Adobe's Digital Publishing Suite (DPS) Single Edition enables you to design, prepare and package an unlimited number of interactive iPad apps to the Apple App Store, using nothing more complicated than InDesign. DPS Single Edition is included with your Creative Cloud subscription, offering a fantastic saving from the previous pricing model which charged per app built.
The key to how to create an app for iPad using DPS is to start in InDesign. InDesign has long been able to generate interactive PDF files with embedded video, hyperlinks and buttons. With DPS you can quickly generate fully interactive apps along the same lines, taking advantage of the built-in support for rich multimedia, as well as HTML5.
DPS is an excellent solution for generating portfolio-style applications that work natively on iPad, sales catalogues and book-like single-issue publications. It’s also very straightforward to use, taking advantage of a tool already used by designers working with print design.
How do you create an app?
Start with a simple folio overlay from the choice of preset options, each of which acts as the scaffolding for your content. Next add in your content, layering up text, additional ‘screens’ and multimedia to create your design and presentation, just as you would for a print-based publication or interactive PDF.
Folios support slideshows, audio, video and fully interactive HTML, such as Google Maps integrations and animations created in Adobe Edge Animate. If there isn’t a widget or piece of functionality covered by the presets, you can download commercial plugins, or you can craft your own using HTML5, which DPS supports natively.
If you find that one of the off-the-shelf folios doesn’t quite suit the specific needs of a particular project, you can create your own from scratch instead, making the final design approach entirely customisable to perfectly suit your project.
Once you’ve crafted your layout and added all your interactions, publish to the Adobe Content Viewer, which enables you to preview your app directly on your iPad. When you’re happy that everything works as it should, publish and upload to the Apple App Store. You will need an Apple Developer account to be able to publish in the App Store, which costs $99 per year. Once you’ve uploaded it to the App Store you can set pricing, and subsequently publish updates to your app using the standard Apple process.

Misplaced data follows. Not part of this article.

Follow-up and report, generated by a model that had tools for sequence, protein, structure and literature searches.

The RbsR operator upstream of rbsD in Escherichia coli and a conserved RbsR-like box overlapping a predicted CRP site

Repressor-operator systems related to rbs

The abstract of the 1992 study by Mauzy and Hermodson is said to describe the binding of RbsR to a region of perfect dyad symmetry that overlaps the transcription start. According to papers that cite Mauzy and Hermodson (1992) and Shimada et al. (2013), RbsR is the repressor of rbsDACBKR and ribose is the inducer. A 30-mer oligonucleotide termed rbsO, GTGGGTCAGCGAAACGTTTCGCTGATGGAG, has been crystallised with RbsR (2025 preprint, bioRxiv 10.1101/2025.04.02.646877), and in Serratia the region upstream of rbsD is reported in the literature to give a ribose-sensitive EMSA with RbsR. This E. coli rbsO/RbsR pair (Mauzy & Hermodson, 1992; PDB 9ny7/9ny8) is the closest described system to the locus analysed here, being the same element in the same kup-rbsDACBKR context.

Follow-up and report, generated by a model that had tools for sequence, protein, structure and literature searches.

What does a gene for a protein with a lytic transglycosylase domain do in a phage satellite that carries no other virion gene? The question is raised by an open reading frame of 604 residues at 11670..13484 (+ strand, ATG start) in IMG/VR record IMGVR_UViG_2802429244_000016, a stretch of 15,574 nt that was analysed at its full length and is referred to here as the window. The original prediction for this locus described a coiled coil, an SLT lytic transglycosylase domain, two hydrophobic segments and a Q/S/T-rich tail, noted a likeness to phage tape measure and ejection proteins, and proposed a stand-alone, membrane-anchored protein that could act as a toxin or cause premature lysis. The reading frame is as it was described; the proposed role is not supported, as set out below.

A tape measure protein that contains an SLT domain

What makes it Single Edition?
The term 'single edition' makes it sound like you’re missing out on something, which is true to an extent. The difference between the full-blown multi-issue DPS editions and the Single Edition that’s included with your Creative Cloud subscription is that the latter doesn’t enable you to publish further 'issues' to your app.
The DPS system was created with magazine publishers in mind, and forms the basis of many of the apps you’ll come across in the App Store, from which you can download a container app and then buy individual issues as an in-app purchase. DPS Single Edition doesn’t support this functionality, so once you’ve published your app you’ll need to create an entirely new app if you want to do anything other than update your existing content. It’s a limitation on paper, but for most users it simply defines the parameters of how you publish content.
Another major difference between DPS Single Edition and the Multi-Folio version is that Single Edition only supports iPad apps, whereas the other versions enable publication to Android tablets and other mobile devices.
Finally, you should note that although you can set your app to be either paid-for or free in the App Store, DPS Single Edition doesn’t support in-app purchases, where the other editions do. This means that you can’t sell premium content in your app without upgrading to one of the other editions.
Is DPS limited?
It’s a common misconception that DPS is limited to simple portfolio apps that look and feel like a magazine. While it’s true that this was the original intention when Adobe developed DPS, thanks to its support for HTML5 you can create fully immersive, interactive and bespoke apps that simply use the DPS folio as a wrapper to deliver your HTML5 app. Adobe has worked hard to update the DPS system, adopting and supporting standards. The result is that you can pick up almost any Dreamweaver or Edge Animate project and incorporate it into your DPS folio.
That said, you do need to understand that the suite is still orientated towards magazine-style applications, so there are elements about the interaction between screens, the navigation and menus that betray the publication roots, even if you’re simply using DPS as a wrapper for HTML content. There are workarounds that can help overcome the most obvious of these, but keep in mind that DPS is intended for a different type of app to those created with PhoneGap.
This feature first appeared in The Ultimate Guide To Adobe Creative Cloud.